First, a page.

How UhuRuto beef will define future power relations

How UhuRuto beef will define future power relations

By Ouma Django

When archivists finally put pen to paper on President Uhuru Muigai Kenyatta’s legacy, he will, among other firsts, go down in history as Kenya’s first two-term President with three presidential elections. He was voted for twice in 2017 in his bid for re-election after the Supreme Court nullified his victory and called for another presidential vote in 60 days.

But the most intriguing first of President Kenyatta, where historians will dedicate acres of literary space on, will be that he was the country’s first President under whose tenure Article 148 of the 2010 Constitution was operationalized. The annalists will be keen to investigate how the same shaped his leadership and, by extension, his legacy.

Article 148 establishes and cements the tenure of the office of the Deputy President. Unlike in the old order where the holder of the Office of the President appointed a Vice President at his pleasure after elections, Article 148 establishes a presidential ticket by requiring the naming of a running mate by a presidential candidate long before elections and ties the two together like Siamese twins for the entire term. 

“Each candidate in a presidential election,” Article 148 (1) states, “shall nominate a person who is qualified for nomination for election as President, as a candidate for the Deputy President.”

The Article then orders the Independent Electoral and Boundaries Commission. in sub-article three, to declare the candidate nominated by a successful presidential candidate as the elected Deputy President who, just like the President-elect, is sworn in publicly by the Chief Justice or the Deputy Chief Justice. 

Unlike in the pre-2010 Constitution, the Deputy President does not serve at the pleasure of the President. It shall be remembered that the late President Daniel Arap Moi dropped Prof. George Saitoti as Vice President after the 1997 General Election, only to reappoint him months later by the roadside. For the 24 years (1978-2002) the late President Moi ruled, he had three vice presidents: Mwai Kibaki, Josephat Karanja and Prof. Saitoti. They were appointed and served at his pleasure, with their firing as humiliating as was typical in the KANU regime. Prof. Saitoti’s history as President Moi’s Vice President was the most disgraceful. He was bypassed even as Vice President in the succession line-up at the tail end of President Moi’s leadership for a political greenhorn, Uhuru Kenyatta, despite being the most loyal vice president.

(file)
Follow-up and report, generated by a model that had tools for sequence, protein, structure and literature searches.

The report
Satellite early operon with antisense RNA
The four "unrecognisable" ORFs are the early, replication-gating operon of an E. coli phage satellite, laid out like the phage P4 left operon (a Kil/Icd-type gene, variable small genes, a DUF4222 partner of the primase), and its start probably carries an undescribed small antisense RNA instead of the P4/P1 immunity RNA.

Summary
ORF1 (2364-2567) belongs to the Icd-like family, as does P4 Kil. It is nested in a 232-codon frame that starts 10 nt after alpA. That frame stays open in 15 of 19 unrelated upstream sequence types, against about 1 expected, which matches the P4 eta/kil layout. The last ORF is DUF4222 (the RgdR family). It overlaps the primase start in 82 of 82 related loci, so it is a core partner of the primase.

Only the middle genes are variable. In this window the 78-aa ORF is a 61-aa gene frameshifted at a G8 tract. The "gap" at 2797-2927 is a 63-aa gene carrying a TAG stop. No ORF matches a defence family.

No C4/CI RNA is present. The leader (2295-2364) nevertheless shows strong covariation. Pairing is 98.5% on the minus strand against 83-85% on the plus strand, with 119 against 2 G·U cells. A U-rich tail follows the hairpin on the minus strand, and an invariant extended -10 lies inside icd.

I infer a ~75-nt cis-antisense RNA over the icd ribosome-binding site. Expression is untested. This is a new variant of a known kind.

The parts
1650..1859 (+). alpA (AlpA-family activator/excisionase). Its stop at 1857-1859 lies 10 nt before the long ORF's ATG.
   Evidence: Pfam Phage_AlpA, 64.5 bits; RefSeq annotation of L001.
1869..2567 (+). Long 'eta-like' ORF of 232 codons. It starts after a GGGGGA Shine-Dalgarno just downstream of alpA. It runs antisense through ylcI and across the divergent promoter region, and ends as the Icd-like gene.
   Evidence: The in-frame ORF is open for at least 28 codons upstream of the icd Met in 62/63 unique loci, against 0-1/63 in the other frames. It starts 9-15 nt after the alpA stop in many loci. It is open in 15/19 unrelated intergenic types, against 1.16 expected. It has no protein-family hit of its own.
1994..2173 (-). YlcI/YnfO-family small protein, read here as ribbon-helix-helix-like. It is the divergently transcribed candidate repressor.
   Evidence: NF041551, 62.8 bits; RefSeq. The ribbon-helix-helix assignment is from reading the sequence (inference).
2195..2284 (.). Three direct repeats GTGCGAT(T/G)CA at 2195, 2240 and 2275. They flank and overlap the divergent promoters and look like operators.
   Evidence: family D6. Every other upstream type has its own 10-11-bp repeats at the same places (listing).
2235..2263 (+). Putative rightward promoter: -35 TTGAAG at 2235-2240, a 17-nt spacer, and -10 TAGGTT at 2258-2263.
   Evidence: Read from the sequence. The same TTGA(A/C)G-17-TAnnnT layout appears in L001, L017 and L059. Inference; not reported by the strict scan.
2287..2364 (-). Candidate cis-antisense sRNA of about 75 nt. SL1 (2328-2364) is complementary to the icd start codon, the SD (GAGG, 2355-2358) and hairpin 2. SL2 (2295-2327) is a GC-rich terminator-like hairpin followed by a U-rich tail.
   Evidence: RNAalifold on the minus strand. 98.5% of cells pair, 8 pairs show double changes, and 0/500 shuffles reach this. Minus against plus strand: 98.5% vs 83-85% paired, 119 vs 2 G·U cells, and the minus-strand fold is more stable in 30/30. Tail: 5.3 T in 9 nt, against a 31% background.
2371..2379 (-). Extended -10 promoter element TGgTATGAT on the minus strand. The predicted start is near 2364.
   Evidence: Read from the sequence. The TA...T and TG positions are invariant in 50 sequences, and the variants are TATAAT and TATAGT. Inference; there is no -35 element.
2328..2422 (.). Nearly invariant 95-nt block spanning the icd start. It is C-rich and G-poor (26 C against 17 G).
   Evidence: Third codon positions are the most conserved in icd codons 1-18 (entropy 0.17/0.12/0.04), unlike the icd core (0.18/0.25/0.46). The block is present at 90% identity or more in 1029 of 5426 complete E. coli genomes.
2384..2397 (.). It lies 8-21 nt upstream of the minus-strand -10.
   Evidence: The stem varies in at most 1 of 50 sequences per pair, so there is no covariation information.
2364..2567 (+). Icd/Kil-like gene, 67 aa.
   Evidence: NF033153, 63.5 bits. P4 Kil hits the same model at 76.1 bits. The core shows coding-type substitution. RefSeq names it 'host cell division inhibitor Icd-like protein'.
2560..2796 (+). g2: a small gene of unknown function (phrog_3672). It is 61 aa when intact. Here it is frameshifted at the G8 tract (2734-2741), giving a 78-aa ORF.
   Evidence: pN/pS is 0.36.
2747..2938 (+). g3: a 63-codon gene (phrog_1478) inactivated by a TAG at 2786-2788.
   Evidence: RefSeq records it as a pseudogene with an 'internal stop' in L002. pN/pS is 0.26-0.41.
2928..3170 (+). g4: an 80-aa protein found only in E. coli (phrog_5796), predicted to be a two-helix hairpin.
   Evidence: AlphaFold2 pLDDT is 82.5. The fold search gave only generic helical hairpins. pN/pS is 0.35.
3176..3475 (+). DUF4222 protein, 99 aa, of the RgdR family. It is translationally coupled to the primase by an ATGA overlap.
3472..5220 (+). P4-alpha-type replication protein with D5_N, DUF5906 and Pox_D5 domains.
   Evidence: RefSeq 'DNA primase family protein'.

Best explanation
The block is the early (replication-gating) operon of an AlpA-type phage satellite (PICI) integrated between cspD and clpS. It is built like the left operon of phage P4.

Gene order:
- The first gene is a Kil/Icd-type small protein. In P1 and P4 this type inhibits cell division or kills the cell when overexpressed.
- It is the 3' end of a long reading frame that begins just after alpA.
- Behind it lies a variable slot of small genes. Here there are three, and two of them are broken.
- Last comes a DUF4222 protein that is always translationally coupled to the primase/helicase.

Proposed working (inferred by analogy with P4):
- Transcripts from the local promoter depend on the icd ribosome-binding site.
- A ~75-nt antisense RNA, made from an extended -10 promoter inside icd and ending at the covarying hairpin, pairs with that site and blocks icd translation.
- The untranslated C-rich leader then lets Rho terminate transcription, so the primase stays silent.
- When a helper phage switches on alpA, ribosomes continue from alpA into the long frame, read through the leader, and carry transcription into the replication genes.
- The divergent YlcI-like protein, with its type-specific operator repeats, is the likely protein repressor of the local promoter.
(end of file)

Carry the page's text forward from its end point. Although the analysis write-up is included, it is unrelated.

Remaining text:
With the 2010 Constitution, Article 148 (6), the term of office of the Deputy President runs from the date of their swearing-in and shall end only when the person next elected President at the ensuing presidential election is sworn in or on the Deputy President assuming the office of President or on their resignation, death or removal from office. This makes it very difficult for the President to fire their deputy. 

In fact, according to Article 150 of the Constitution, the Deputy President can only be removed from office on the ground of physical or mental incapacity to perform functions of office or on impeachment, which is restricted to three grounds; gross violation of the Constitution or any other law, where it is seriously believed that they have committed a crime under national or international law or for gross misconduct. 

The Constitution, in Article 147, also lists functions of the Deputy President, including that he shall be the principal assistant of the President and that where the President is absent or is temporarily incapacitated and during any other period that the President decides, they shall act as the President.

President Uhuru Kenyatta and his Deputy, William Samoei Ruto, were the unlikeliest of running mates on a presidential ticket. They were forced to come together in a coalition by circumstances when it became apparent that ascending to and assuming the country’s reins of power was the only way they could circumvent their cases of crimes against humanity in The Hague. The cases had come about from the violence that engulfed the country post-2007 General Election. The two had been accused of funding, among other felonies, their tribes against each, leading to death, destruction of property and forced displacement of people.